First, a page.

• complete high school while engaging in personally meaningful curriculum
  • transition to post-secondary studies or move into the world of work
  • potentially reduce the financial impact of post-secondary education.

To learn more, visit Alberta Education’s Dual Credit web pages.

I want to know more about...

Knowledge and Employability

Distributed Learning

Locally Developed Courses

Locally developed courses (LDCs) allow school authorities the flexibility to complement, extend and/or expand upon provincial programs of study. LDCs may be used to:

  • accommodate student needs and interests, ranging from Marine Life and Ecosystem Studies to Technical Theatre
  • encourage and support innovative learning and teaching practices, through courses such as the Learning Strategies sequence
  • address unique community priorities, such as international and heritage languages
  • engage students who may be at risk of leaving school early, through courses such as Leadership, Character and Social Responsibility
  • promote successful transitions to further education, including through exposure to advanced subject matter aligned with Advanced Placement and International Baccalaureate programs.

School authorities may develop new LDCs or acquire existing ones from other school authorities. Talk to the staff at your school to find out if they offer any LDCs that might interest your child. View more details regarding LDCs.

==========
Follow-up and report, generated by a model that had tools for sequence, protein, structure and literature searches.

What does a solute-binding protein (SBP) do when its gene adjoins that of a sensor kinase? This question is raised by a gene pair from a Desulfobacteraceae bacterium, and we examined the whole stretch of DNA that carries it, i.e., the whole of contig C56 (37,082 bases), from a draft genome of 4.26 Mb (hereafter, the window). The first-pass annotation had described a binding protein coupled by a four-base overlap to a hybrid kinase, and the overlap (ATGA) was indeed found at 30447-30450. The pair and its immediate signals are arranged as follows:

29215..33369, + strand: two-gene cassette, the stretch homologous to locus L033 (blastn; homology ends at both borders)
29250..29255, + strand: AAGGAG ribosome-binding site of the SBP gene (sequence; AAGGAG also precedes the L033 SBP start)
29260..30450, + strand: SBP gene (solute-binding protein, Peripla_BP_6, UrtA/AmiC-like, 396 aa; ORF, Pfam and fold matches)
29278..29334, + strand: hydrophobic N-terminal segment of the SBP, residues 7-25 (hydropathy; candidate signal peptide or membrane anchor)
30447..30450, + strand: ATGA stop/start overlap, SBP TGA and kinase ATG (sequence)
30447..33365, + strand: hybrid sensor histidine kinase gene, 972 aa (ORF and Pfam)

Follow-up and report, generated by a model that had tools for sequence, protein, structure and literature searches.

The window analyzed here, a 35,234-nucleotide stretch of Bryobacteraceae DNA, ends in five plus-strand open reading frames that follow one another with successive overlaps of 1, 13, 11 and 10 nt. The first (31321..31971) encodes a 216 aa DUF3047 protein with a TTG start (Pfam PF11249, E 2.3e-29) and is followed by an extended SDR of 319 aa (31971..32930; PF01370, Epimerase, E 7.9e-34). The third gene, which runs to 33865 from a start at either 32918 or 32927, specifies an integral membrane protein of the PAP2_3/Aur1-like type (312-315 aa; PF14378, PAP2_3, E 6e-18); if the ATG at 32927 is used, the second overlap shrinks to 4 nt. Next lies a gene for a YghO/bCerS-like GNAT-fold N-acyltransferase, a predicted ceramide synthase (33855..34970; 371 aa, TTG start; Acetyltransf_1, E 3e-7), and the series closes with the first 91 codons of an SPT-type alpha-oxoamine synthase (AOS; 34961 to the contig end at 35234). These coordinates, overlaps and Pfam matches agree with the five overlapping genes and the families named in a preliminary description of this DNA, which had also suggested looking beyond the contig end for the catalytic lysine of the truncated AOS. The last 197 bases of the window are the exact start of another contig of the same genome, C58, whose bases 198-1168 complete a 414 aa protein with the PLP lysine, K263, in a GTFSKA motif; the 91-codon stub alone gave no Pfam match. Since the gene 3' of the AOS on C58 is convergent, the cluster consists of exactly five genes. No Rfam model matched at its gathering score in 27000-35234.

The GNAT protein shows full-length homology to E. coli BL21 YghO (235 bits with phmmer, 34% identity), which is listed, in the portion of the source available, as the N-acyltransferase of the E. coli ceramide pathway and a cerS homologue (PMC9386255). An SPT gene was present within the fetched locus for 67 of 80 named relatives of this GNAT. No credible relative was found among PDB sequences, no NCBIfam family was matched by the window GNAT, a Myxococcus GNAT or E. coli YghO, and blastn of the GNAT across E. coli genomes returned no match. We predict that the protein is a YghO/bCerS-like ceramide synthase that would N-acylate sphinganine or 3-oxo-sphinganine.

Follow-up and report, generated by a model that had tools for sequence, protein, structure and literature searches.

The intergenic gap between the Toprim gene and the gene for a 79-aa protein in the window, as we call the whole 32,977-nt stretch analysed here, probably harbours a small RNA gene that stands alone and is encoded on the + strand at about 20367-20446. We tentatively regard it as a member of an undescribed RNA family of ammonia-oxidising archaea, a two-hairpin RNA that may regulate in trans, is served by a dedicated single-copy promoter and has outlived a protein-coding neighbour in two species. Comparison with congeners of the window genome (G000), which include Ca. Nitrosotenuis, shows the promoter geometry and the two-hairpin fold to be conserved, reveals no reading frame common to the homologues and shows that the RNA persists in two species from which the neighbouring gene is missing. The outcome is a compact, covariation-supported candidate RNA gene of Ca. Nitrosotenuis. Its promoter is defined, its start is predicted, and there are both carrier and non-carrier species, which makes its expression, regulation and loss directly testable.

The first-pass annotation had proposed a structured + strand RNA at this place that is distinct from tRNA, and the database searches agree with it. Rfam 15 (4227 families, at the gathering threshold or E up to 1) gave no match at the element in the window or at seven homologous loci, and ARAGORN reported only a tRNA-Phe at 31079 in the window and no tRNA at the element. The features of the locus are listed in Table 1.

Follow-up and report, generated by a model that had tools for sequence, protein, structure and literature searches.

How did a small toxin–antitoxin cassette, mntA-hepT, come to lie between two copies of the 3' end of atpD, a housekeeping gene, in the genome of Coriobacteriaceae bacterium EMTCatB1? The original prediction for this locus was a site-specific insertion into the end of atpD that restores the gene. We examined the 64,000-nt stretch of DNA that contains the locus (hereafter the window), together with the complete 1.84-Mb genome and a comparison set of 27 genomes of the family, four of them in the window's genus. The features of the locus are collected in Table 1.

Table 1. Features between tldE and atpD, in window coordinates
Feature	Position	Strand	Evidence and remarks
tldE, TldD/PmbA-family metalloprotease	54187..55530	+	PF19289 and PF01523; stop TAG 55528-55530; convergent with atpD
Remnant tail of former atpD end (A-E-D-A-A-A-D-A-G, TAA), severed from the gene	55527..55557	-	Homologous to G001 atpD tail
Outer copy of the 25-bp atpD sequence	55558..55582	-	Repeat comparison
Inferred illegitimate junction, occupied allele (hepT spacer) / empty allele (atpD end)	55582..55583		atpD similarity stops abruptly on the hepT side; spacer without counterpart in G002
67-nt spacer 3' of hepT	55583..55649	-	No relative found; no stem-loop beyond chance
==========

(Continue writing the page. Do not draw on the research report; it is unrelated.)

French Immersion

French immersion is a second language program designed to promote functional fluency in French while students achieve all of the objectives of the regular school program. French immersion may begin in Kindergarten (early immersion) or in Grade 6 or later (late immersion). Several or all subjects, except English language arts, are taught in French. This program is designed for students whose first language is not French. The objectives are full mastery of the English language, functional fluency in French, and understanding and appreciation of the French culture. Want to know more? Refer to Yes You Can Help! Information and Inspiration for Parents of French Immersion Students.

English as a Second Language